THE BLOG
10/02/2014 05:53 pm ET Updated Dec 02, 2014

Gandhi: A Spiritual Life

Among the hundreds of biographies that have been written on Mahatma Gandhi, Arvind Sharma's Gandhi: A Spiritual Biography is one of the most insightful and useful approaches to the study of a man who is both phenomenon and inspiration.

Gandhi remains not only a universal icon, but in many ways an icon of universalism as well. He is admired by people from various communities around the world for a multitude of reasons ranging from the spiritual to the political, but he also stands as a philosopher for a universal idea of truth, justice and love -- a real world religious figure if there was one.

In his biography, Sharma shows us how Gandhi became Gandhi, so to speak, in a spiritual sense. Unlike traditional academic studies of religion, Gandhi: A Spiritual Biography weaves together a scholar's insightfulness with a writer's ability to humanize Gandhi; the son, the student, the immigrant, and then, of course, the Mahatma.

What is most interesting about Gandhi's life is that if we were to look at it as a series of steps in spiritual-intellectual evolution, at each stage we find a specific struggle with a specific human limitation. As a child, Gandhi was scared of snakes, thieves and ghosts, and turned to the name of Rama like a "crutch." As a young lawyer, Gandhi struggled to even rise and speak, in a quandary not unlike Arjuna's in the Bhagavad Gita. As a constant innovator, Gandhi never stopped growing, and reflecting, on what it meant to be a spiritual and a human being.

Sharma's work is insightful in emphasizing the different sources of Gandhi's spiritual inspiration, especially in bringing out the role of the mother as guru. Equally, what is inspiring for us is the fact that much of Gandhi's early spiritual and moral growth took place not in some grand theater of politics and history, but in the rather mundane world of daily and family life.

Gandhi struggled as a young adult with seemingly simple moral choices and issues, such as living up to the promises he made to his mother before his journey to London. It was not blind obedience (Gandhi reasons out for himself, for example, whether eating an egg would be the same thing as eating meat, or not), , but just a sense of reverence for truth. As Sharma notes, Gandhi's philosophical focus on the idea of Satya or Truth elevated it from a simple understanding of "telling" the truth to a richer Hindu sense of "upholding" it, an insight that would form the foundation of his life and work.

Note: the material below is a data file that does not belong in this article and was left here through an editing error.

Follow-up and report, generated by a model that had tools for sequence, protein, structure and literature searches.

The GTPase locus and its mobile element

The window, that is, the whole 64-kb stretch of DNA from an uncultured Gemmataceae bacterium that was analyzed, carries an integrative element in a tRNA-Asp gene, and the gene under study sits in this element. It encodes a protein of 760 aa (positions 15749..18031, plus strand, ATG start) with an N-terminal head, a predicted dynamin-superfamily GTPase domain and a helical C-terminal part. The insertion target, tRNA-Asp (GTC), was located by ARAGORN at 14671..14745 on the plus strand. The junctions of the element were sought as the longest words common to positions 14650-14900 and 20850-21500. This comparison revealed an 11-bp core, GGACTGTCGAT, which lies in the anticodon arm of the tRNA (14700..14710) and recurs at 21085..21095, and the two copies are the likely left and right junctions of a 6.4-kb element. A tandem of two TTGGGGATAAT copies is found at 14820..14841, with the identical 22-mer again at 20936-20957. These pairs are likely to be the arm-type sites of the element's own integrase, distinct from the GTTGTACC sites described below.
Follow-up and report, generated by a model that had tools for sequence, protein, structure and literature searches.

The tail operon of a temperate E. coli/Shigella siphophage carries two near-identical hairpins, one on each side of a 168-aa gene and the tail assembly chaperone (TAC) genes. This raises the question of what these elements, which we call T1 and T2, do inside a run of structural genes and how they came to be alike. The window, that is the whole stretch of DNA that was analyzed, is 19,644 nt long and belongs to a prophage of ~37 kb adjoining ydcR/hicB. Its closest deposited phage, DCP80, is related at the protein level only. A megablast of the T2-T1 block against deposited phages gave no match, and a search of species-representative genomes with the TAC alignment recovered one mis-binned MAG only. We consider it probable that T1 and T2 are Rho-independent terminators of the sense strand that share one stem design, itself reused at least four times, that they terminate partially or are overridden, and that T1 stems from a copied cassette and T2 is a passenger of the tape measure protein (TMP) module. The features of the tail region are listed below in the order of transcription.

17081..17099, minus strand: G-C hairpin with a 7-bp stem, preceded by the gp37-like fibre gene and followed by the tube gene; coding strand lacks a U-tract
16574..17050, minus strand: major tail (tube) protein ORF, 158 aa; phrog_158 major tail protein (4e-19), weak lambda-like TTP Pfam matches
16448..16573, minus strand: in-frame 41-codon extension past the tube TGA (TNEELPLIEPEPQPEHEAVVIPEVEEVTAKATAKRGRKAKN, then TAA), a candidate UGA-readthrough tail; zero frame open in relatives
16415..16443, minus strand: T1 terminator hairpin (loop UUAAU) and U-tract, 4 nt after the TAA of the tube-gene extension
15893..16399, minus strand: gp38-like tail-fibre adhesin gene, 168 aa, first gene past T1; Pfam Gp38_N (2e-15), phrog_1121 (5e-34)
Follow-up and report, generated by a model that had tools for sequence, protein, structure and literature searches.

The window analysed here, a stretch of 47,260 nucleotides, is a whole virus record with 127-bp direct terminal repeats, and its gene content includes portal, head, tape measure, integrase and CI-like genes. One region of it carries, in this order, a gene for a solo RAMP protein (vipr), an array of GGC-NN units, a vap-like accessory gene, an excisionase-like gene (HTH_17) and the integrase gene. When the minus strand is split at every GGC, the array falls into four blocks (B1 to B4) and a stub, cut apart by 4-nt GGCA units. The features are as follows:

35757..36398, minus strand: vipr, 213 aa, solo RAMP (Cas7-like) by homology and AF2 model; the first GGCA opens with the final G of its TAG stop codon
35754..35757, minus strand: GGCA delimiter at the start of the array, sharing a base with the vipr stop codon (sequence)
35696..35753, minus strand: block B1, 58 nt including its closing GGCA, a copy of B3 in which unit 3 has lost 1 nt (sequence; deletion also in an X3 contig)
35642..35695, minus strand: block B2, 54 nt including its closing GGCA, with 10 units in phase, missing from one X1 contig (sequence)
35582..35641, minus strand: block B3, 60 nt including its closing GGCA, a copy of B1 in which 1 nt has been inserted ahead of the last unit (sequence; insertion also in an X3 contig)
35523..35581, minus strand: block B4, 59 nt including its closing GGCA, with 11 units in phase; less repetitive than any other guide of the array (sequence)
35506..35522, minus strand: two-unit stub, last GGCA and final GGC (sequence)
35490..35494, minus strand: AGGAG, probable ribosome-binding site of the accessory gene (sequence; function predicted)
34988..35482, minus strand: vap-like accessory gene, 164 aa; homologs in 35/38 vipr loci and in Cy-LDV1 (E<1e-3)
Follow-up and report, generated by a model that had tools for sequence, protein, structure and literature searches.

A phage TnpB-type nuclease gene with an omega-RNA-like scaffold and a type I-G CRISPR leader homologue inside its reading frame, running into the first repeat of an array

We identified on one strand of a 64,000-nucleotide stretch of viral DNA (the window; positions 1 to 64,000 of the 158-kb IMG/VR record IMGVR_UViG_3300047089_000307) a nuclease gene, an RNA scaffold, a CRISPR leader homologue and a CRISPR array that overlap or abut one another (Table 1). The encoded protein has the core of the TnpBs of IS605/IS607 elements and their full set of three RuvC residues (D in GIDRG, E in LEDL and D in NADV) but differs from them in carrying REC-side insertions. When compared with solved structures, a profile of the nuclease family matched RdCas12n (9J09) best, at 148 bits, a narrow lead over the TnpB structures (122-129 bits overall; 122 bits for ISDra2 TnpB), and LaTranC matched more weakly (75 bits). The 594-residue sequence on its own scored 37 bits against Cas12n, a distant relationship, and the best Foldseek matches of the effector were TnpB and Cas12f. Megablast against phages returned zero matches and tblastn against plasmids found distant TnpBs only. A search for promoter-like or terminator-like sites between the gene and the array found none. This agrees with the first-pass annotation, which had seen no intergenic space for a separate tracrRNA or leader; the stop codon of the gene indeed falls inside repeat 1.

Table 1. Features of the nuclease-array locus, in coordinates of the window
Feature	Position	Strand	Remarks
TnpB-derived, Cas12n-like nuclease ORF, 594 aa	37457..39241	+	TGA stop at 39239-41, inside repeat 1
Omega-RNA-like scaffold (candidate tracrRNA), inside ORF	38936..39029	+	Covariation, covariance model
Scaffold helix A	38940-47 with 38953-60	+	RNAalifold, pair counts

Towards the end of his life, Gandhi went on a fast to force the new Indian government to carry out a promise of sharing funds with the new Pakistani government--a difficult choice since the two countries were at war. This fast would be the action that would ultimately anger Hindus, and the assassin who would take his life. In a touching insight, Sharma compares this to the actions of the beloved Hindu god Rama; both Gandhi and Rama suffered to uphold promises that were not even made by them, just truth for truth's sake.

Gandhi has a complicated image in the Indian imagination today. Almost every community seems to have some kind of a political grievance about him. Still, there is something about Gandhi that is entwined with the soul of India, and indeed the soul of nature itself. The challenge of the present moment is whether even a glimpse of the spiritual journey that Gandhi made in his life can come to us in our modern, consumer and media culture-saturated culture in which slogans drown out insights easily.

We live in an age when there is much posturing about religious, national and civilizational pride, but not enough reflection about what it means to be human, simply. The most useful lesson from Gandhi: A Spiritual Biography is relevant here: "that while spirituality may be more than morality, it cannot be less."

Whatever the stories we tell ourselves about who we are and our place in nature and the world, however powerful we think our religious doctrines or rituals are for controlling and commanding things, we must remember that in the end the power of religion cannot be separated from the power of something like goodness, kindness, and love. Gandhi lived that, and we remember him, and honor him, still.